(Headline USA) Missouri is opening antibody treatment centers in several counties in the hopes that they’ll keep some high-risk patients with COVID-19 from dying or becoming critically ill.
Monoclonal antibody infusion treatment will be available for 30 days at sites in Jackson, Pettis, Scott, Butler and Jefferson counties. Two more sites will be added later in the St. Louis area. The state is spending $15 million on the centers and believes they could treat up to 4,000 people over the next month.
The centers will use several therapies that have become the linchpin of debate as many on the Left attempt to demand vaccinations are the only reliable treatment. Opponents and vaccine skeptics point to scientific studies showing that the readily available therapies have proven to be highly effective in treating people, abnegating the need for vaccines.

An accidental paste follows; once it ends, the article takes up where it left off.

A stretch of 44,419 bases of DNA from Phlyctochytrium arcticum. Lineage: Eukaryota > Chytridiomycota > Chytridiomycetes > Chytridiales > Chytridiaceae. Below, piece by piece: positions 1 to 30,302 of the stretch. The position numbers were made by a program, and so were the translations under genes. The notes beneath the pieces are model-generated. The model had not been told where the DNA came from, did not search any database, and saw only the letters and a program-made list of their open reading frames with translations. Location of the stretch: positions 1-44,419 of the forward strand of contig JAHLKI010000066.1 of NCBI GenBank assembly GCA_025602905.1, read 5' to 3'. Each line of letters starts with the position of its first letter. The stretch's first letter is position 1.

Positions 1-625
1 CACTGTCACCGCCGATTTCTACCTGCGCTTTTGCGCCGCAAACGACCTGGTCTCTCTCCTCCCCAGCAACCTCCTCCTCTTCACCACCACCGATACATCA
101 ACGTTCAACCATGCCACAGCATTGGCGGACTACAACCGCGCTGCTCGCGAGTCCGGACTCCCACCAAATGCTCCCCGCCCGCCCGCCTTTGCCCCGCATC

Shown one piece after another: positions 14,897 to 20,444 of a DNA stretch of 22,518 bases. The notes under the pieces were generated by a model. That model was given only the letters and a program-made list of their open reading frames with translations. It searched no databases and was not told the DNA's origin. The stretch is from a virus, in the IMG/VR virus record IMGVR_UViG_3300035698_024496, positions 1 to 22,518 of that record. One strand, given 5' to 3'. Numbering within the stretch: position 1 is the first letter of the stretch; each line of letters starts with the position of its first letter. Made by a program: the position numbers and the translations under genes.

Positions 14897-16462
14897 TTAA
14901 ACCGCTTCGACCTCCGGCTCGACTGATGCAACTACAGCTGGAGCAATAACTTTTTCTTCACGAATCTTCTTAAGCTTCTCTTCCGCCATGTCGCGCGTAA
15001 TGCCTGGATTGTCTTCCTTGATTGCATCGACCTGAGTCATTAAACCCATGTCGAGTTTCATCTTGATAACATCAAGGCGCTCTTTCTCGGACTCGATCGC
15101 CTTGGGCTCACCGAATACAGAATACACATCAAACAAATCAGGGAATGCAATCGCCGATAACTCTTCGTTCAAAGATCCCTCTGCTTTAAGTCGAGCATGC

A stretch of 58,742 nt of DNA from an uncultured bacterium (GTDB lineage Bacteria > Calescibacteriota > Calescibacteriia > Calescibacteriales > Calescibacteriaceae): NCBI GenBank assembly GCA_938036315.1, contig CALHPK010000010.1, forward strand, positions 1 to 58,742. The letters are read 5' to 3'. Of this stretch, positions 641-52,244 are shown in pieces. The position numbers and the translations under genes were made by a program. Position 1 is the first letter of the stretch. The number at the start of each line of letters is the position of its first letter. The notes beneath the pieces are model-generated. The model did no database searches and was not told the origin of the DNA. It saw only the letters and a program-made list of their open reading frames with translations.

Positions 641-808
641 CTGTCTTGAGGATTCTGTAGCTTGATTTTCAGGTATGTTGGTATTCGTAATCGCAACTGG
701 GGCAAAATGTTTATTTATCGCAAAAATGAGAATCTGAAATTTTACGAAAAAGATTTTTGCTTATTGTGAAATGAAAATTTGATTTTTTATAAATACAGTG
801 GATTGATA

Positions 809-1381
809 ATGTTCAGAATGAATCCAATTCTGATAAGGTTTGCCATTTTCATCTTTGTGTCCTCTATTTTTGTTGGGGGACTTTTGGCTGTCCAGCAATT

However, even the Centers for Disease Control and Prevention have approached them with derision, recently claiming that the drugs were intended for animals and not people, while insisting that people use the experimental shots that it has been deeply invested in both financially and otherwise since their development during the Trump administration.
The initial site was set up last month in southwestern Missouri, a region hit hard by the delta variant surge. Health officials said 588 people have been treated at an infusion center in Springfield. Katie Towns, the health director for Springfield and Greene County, said in a news release that the treatment “has undoubtedly saved lives in our community.”
The drugs are lab-made versions of virus-blocking antibodies that help fight off infections. Antibody treatments are among the few therapies that can lessen the effects of COVID-19, and they are seen as an option for those with mild-to-moderate cases who aren’t yet in hospitals.
On Thursday, the state’s COVID-19 dashboard showed that hospitalizations rose by 84, to 2,352. The state cited 2,161 newly confirmed cases, bringing its pandemic total to 622,081. The state also has reported 10,409 COVID-19 deaths since the onset of the pandemic.
Adapted from reporting by the Associated Press